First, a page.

$400 million. 5 This approach would almost certainly be the most
costly and time-consuming alternative to satisfying JSF requirements, especially in the early stages of production, and adds considerable schedule and cost risk to the program. However, it does have
some advantages:
•
Hundreds or even thousands of candidate sites could be considered.
•
The latest designs and technology could be incorporated into the
location.
•
A site where the economic benefits from the work could help a
faltering economy—for example, one with chronically high
unemployment—could be selected.
•
The site could maximize state and local tax incentives.
•
The site could be placed where noise and environmental considerations would be negligible.
However, in addition to the initial cost and schedule risk, a greenfield
site has several disadvantages:
•
It could require significant regulatory action including environmental and Federal Aviation Administration (FAA) approvals as
well as long lead time for airfield construction.
•
It requires creating an entire airfield environment encompassing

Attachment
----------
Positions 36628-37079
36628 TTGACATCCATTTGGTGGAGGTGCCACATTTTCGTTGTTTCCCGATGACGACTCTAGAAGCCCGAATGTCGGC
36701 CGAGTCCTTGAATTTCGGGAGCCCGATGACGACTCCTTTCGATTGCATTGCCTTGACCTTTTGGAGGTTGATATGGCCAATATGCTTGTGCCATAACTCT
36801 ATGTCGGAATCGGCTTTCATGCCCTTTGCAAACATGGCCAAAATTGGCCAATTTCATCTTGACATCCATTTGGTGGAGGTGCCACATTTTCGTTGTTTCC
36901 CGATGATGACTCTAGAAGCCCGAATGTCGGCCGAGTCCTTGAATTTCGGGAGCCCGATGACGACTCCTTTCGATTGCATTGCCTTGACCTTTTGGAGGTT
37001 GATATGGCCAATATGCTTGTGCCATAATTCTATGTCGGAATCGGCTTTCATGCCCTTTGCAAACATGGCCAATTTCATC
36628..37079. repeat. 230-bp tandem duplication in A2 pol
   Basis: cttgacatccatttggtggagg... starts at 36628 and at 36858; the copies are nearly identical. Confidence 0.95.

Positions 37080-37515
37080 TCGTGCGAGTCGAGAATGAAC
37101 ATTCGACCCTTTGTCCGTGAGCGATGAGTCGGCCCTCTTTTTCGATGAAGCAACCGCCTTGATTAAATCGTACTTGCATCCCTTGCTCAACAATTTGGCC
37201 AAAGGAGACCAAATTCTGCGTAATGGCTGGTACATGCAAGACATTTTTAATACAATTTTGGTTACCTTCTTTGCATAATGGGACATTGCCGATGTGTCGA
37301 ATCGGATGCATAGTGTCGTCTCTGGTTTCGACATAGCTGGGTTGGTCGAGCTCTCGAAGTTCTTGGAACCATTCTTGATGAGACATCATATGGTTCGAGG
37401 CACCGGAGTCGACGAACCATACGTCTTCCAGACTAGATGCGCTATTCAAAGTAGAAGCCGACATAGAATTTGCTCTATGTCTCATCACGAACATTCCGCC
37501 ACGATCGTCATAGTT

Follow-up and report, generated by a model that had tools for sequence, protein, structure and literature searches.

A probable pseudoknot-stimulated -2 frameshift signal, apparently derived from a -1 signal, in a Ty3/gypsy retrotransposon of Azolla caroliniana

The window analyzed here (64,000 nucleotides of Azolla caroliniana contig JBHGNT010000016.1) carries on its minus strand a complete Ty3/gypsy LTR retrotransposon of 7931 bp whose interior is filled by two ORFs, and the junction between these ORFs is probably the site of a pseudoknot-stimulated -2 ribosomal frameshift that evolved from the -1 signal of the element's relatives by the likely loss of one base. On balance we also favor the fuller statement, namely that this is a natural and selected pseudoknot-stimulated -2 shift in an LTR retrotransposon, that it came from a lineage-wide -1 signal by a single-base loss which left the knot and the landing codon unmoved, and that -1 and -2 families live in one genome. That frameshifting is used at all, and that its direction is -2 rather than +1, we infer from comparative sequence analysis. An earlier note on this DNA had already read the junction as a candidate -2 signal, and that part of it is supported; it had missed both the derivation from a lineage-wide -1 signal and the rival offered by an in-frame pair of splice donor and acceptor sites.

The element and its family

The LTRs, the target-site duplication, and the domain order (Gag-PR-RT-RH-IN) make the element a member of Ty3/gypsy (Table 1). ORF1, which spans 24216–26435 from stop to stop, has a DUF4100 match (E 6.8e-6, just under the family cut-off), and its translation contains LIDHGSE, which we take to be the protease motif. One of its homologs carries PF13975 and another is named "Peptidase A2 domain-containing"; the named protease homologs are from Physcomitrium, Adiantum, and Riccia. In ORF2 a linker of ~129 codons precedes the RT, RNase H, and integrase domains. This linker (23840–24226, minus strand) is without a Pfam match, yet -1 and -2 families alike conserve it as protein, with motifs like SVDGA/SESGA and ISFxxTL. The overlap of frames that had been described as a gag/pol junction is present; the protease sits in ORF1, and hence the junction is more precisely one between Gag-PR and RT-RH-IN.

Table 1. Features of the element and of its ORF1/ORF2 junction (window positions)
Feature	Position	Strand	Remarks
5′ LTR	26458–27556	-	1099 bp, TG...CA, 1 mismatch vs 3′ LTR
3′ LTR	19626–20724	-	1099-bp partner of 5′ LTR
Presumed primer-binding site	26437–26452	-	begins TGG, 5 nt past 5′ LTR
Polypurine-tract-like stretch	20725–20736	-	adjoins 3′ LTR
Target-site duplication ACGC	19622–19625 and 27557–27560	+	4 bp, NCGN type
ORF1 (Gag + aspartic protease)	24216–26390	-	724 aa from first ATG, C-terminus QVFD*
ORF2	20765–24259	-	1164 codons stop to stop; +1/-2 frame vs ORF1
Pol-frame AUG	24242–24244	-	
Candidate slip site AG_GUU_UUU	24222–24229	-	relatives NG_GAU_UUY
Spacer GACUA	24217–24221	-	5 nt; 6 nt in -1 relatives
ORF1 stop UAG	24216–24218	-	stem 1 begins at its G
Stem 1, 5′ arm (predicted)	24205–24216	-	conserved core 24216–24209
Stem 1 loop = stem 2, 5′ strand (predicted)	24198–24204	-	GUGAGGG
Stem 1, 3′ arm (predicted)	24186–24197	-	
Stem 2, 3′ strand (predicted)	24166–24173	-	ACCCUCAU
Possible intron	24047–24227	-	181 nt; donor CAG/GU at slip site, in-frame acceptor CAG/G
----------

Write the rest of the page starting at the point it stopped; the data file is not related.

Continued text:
instrument approaches for a required capacity of less than 10 JSF
flights per day.
•
It adds to existing overcapacity in the aircraft industry.
•
The entire cost of operating the airfield would be borne by the
JSF FACO, unless other commercial or DoD uses could be found.
•
There would be no sharing of overhead, security, and other support costs with other DoD programs.
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5 Airports with planned runways or runways already under construction are in Detroit,
Miami, Orlando, Houston, Denver, Minneapolis, Charlotte, Atlanta, Boston, Cincinnati, Seattle, St. Louis, Washington (Dulles), and Dallas (Cho, 2001).
Site Selection Issues
41
In terms of new facilities costs to create an alternative site to the Fort
Worth facility, we estimate that the cost of this option would far outweigh the amount of work that JSF FACO represents. A few billion
dollars of FACO activity spread over 20 years does not justify the
likely costs and especially the schedule risks involved in this
approach.
Option 2: A Site with an Existing Airfield Only
This option would involve the use of an existing U.S. civil airfield
capable of handling jet aircraft that has a runway and taxiways sufficient to meet JSF requirements, but also one that currently does not
have appropriate ramp space, buildings, and other facilities for FACO
operations. Research6 has revealed that there are approximately 375
airfields within the continental United States (CONUS) with runways
of at least 8,000 ft in length and widths of 150 ft or more and FAA or